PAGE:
In 2011 I was working flat-out but stopped for lunch with Steve. He was buying. As part of thanking me for a work introduction he imparted his productivity techniques from his workshops that cost gillisions. Steve (hi) I do hope they cost gillisions. Three days later I was on the phone to Steve berating him for his advice. It wasn’t his fault we had an Olympics to stage and we still had several years of work to fit into a year.
So began my quest for inbox sanity.
It seems the world has recently caught up with its perpetual circulating internet articles of life hacks. Why are we obsessed with hacks ? When I write code I want it to be gorgeous, poetic, readable. A classic. Algorithms for the soul.
Obviously that isn’t what happens. My code gets unwieldily as does my task list and those productivity techniques become pesky distractions as does reading those hundreds of productivity articles on twitter. So this post is about documenting and refining how I manage my task list via my diary and how to avoid being a slave to constant flow of email’s.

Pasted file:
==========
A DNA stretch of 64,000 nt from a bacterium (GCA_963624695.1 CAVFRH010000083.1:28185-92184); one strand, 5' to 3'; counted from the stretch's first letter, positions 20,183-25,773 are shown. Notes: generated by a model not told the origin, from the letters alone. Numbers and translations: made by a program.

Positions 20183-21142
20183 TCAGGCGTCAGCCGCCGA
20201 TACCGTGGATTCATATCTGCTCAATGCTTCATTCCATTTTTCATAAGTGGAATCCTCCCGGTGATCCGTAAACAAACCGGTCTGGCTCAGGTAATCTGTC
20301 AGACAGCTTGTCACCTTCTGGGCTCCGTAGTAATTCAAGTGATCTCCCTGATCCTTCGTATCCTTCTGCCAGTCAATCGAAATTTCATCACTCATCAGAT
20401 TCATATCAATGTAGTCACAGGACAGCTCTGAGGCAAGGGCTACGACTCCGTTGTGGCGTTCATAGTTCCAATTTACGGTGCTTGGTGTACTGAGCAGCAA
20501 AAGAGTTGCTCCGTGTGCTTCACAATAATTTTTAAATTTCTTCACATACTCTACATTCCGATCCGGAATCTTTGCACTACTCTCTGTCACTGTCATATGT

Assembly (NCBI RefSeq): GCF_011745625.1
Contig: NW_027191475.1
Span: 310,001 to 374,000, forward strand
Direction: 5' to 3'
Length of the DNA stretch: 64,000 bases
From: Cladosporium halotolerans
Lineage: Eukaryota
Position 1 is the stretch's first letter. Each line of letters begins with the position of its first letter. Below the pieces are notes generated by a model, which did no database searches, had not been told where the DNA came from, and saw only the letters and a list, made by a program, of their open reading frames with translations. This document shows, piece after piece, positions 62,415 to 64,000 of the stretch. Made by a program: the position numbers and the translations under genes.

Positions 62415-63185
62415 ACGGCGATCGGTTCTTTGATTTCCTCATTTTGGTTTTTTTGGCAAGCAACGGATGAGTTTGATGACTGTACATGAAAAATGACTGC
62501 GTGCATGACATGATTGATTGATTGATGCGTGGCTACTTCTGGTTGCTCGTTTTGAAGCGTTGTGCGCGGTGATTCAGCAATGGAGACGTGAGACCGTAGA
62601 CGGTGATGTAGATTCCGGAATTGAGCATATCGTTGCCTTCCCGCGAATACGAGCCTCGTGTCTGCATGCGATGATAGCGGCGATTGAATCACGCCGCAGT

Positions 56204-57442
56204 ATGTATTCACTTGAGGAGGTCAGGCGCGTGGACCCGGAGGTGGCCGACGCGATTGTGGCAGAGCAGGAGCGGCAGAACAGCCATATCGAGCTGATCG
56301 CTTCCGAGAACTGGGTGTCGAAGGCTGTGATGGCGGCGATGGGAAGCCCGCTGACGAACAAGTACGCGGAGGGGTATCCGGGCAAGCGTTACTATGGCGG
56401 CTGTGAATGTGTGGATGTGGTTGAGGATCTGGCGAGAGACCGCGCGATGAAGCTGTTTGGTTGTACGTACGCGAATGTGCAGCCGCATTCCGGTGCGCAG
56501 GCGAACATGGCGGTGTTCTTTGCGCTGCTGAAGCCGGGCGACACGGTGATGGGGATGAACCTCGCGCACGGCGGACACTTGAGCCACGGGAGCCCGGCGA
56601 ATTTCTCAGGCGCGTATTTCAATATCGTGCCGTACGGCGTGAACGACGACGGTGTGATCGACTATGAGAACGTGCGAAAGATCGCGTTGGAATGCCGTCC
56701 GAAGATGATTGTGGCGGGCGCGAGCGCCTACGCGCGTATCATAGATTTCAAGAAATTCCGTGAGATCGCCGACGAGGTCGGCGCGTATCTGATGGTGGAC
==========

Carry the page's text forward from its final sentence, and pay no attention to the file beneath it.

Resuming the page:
The goal of the algorithm is to reduce the amount of time we spend looking at our email. An empty inbox.
This algorithm is solid. Refined over several years. I start each working day with it and I reach for it when I am feeling overwhelmed. Just the art of processing my e-mails has a soothing effect.
Mind you, so does a Gin and Tonic. Just like the state guidelines on drinking too many Gin and Tonic’s it is important to limit how many units of email’s you process a day. I suggest running the algorithm once a day max twice. Some people like to do this before stopping work so they can unplug from work knowing they are done. I like to do it as I start work like a clear desk it’s less distracting as most of my work involves writing an email.